The criteria of a public being potentially open to all offers some vague guidance for analyzing LGF. Certainly, anyone on the Web can read LGF. But not everyone is an equal contributor. If openness is defined by equality in participation and deliberation, LGF is not a public. In fact, it may fail the most important test of publicity — deliberation on LGF is controlled and managed by a single individual who wields the power to promote comments and to delete them. Johnson is the single author of the main blog posts on the site, which means that it is primarily his work that puts him as one of the top 100 blogs online. Certainly anyone can contribute by way of comments, but the comments are hidden from view. Similarly, tips and other contributions must be sent to Johnson before they are written about on the main posts. As a result, not everyone who comes to this blog has equal opportunities for deliberation.
When the news of Reuters broke, it was not the voices of many of the commentators that were credited with stirring the scandal. Instead, it was the single voice of Johnson that got the acknowledgement for helping to break the news of the doctored photo. This focus on Johnson suggests that true deliberation and debate is not an ongoing feature of this blog; if it were, it would be difficult to single out just one voice responsible for breaking the scandal and the work would likely have been viewed more as a collaborative effort.
In addition, while a public does require some cohesion around a single idea or text, LGF is not as open to new readers as it may seem. To be a full participant and commentator, one must understand the language and terms (a long litany of rules of behavior and specialized slang) or risk having one’s comments ignored. Similarly, the site is engineered as a conservative, anti–big media site. Therefore, it is unclear how open these commentators might be to deliberation from those who support big media. While anyone can access the site to read its postings, those who are posting have to conform to the value system set in place by the norms and structure of the blog. Therefore, the limitations on deliberation, both from the strong presence of Johnson as the arbitrator of dialogue and the insular nature of the discourse on the blog, suggest that LGF fails to meet the aspirations of those who believe that blogging and citizen journalism represent opportunities for new publicity.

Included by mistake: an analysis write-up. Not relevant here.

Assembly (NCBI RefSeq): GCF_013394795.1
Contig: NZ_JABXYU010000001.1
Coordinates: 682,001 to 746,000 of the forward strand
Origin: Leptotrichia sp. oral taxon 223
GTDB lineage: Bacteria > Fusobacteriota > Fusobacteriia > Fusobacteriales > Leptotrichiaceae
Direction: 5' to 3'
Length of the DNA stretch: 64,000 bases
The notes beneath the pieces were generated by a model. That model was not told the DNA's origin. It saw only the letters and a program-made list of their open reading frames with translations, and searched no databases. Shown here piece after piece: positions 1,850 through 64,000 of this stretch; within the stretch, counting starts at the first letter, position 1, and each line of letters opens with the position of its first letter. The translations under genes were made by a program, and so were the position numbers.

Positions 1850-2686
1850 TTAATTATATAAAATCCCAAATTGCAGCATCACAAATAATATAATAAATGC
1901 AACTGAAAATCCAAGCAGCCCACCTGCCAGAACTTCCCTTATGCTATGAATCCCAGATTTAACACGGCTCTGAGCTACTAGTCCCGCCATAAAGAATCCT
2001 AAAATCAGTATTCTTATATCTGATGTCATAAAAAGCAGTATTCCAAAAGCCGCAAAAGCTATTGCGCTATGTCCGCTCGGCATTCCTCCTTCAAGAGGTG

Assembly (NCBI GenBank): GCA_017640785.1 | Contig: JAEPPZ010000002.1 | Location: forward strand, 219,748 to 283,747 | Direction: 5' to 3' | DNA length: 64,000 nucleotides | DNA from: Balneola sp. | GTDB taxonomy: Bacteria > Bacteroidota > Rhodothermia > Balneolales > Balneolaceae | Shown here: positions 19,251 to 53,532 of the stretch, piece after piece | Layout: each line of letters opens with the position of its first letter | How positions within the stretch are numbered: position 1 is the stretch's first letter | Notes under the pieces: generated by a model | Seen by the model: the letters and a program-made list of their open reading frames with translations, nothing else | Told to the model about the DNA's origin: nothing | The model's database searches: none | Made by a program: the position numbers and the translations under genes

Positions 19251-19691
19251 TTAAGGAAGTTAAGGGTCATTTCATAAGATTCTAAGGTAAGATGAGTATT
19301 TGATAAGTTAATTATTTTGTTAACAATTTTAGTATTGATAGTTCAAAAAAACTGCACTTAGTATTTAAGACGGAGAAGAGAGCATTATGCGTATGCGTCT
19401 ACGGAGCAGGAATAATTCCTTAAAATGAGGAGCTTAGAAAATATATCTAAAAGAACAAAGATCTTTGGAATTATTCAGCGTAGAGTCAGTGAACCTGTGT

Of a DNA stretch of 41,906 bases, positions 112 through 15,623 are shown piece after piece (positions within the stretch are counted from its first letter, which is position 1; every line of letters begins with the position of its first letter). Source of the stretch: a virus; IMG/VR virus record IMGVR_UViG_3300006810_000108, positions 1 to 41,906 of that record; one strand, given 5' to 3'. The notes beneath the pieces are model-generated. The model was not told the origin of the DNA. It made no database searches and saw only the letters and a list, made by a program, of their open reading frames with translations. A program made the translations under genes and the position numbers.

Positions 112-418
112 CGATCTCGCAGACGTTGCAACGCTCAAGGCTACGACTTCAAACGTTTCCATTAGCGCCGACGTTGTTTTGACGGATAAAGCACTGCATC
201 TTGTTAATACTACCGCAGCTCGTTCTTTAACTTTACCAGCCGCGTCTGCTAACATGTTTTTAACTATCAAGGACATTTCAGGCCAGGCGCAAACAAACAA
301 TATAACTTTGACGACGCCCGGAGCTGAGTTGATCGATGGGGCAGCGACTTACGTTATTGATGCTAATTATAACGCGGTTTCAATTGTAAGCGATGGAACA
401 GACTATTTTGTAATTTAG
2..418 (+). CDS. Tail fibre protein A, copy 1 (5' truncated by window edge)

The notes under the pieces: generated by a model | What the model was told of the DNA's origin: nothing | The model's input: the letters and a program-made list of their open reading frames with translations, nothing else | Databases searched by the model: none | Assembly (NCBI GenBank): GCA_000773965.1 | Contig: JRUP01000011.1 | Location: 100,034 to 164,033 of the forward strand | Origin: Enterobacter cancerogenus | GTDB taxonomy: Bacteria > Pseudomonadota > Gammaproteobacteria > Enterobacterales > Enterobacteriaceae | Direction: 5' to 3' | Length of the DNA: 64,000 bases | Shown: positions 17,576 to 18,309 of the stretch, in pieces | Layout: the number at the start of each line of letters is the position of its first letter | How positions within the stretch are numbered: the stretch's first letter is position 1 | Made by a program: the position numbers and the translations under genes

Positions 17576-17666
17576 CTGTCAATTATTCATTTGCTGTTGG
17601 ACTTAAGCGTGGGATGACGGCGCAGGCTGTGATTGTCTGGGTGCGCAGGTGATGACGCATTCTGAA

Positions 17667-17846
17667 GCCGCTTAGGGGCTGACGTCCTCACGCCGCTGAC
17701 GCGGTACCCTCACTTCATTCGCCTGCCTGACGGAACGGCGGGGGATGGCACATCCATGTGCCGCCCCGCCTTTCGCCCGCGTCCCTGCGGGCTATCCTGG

LGF does, however, employ other features of network publicity to its advantage in order to gain traction for the discourse that it does display. First, its work is accessible to all and it is content is publicized. Similarly, because it is online, it has an invisible audience of readers who may make themselves visible, but who may also choose to remain invisible.
LGF’s positioning as a blog that is both read by opposition groups and members of the mainstream media gives it wide reach, though the conditions for such publicity have in turn limited full participation by commentators. However, as mentioned previously, one of the features of online discourse is that it does reflect new opportunities for openness and transparency for opposition groups that may not have existed in a world where dialogue is dominated by producers of mass media content. Voices like Johnson’s might not have produced a world–wide media scandal and uproar; instead, the widely publicized scandal received airing on the Web for millions of readers. This is no longer a world where a lone editor reads complaints filed from a single reader; instead, complaints are widely circulated among mass audiences. As a result, a Web site with a substantial audience is now able to force action from edges to the center. As a public relations officer noted, “We actually welcome the scrutiny of blogs — it is no bad thing for media organizations to be challenged.”